I worked with a gentleman who had a restaurant who just couldn’t seem to draw the type of crowd he wanted to. The food was pretty good, there was a definite ambiance to the place, prices were pretty reasonable, but something just didn’t click. When asked what he thought the problem was, he couldn’t quite get his finger on it. So I asked him what type of message he wanted to send to his clients. His response was to have a restaurant that was known throughout the area as a romantic, waterside dining establishment with fine food, wine and great service.
Okay. Sounds reasonable. Well…at first. I asked his front of the house what kind of place they felt it was. There thoughts…a fun place to work, with good food, a family-like atmosphere with decent food. I asked what the guests most popular wine was. Robert Mondovi Merlot. Hmmm…interesting. What’s the best wine? Same response. What are the best cordials? Blank stare. What was the best, romantic dessert on the menu? Chocolate cake with freshly sliced strawberries for two. Milk with that?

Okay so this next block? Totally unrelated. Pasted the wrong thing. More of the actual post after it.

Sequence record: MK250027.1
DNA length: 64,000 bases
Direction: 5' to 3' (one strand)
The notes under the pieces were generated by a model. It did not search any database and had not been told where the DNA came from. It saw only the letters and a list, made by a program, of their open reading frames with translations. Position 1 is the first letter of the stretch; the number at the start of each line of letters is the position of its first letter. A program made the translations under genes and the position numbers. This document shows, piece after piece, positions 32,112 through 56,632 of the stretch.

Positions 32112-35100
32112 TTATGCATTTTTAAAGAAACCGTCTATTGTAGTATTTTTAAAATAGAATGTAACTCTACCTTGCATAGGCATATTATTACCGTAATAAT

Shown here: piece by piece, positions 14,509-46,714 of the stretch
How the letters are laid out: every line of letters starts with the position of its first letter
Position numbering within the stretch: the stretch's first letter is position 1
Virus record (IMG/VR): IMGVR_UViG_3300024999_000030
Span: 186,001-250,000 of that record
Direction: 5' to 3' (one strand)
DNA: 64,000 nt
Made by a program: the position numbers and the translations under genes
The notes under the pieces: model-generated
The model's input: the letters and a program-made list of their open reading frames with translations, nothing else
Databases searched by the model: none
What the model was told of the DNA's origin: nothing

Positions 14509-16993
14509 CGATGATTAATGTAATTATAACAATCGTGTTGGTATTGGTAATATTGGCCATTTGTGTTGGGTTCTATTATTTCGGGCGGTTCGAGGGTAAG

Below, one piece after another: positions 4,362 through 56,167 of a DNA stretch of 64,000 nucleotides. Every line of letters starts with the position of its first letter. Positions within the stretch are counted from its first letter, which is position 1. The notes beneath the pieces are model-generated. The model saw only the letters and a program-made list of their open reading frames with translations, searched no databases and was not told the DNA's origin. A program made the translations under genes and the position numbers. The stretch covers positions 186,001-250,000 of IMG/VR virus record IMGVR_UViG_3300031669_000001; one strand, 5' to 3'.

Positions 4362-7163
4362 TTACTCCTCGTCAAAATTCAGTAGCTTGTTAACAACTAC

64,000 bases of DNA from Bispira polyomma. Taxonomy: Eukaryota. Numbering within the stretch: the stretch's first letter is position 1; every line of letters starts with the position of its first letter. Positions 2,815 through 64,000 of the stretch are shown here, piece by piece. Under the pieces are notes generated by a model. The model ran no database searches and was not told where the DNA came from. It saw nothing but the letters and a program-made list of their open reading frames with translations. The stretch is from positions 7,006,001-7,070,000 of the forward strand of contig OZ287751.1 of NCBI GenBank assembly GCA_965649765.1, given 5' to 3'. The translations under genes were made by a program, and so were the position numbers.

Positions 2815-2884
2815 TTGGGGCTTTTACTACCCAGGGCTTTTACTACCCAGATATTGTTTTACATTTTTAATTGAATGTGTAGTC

Okay…I think we are getting something…
I asked the cooks the same question. There response was similar…a fun place to work…the food was easy to prepare; they were paid okay, but weren’t learning much. The hardest part about the job was cleaning up at the end of the night. Well…duh. What do you like to do to make the food like nice? Parsley – on the rim and a few sprigs on the side of the plate. Don’t get me wrong…I love diners…but the last place I am taking my wife for Valentine’s Day is The Golden Star Diner. This was “diner-esque”
So we have a fairly consistent response across the board. However it wasn’t what the owner said he was trying to project. As a matter-of-fact, their vision of the place was more of a glorified diner than the romantic spot he was trying to project…because he didn’t do anything to make the vision consistent, it lead to the demise of his business.
What about your business? Does your team share your business beliefs? Is your product, marketing, presentation, facility, etc. consistent with your beliefs? I read a story about Ben & Jerry’s Ice Cream, a values-driven organization that has consistently demonstrated it’s beliefs by supporting farming communities, creating eco-friendly packaging for it’s ice-creams, etc. Read about it for yourself at www.benjerry.com. Can a transparent, values-based business be successful? Just look at their bottom line.
At Aepiphanni Business Solutions, we are dedicated to serving the needs of small business owners. We specialize in helping you develop strategies for your organization, and are committed to your success. If you have further questions about creating your strategy or developing your vision, please give me, Rick Meekins, a call at 678-265-3908, or email us at [email protected].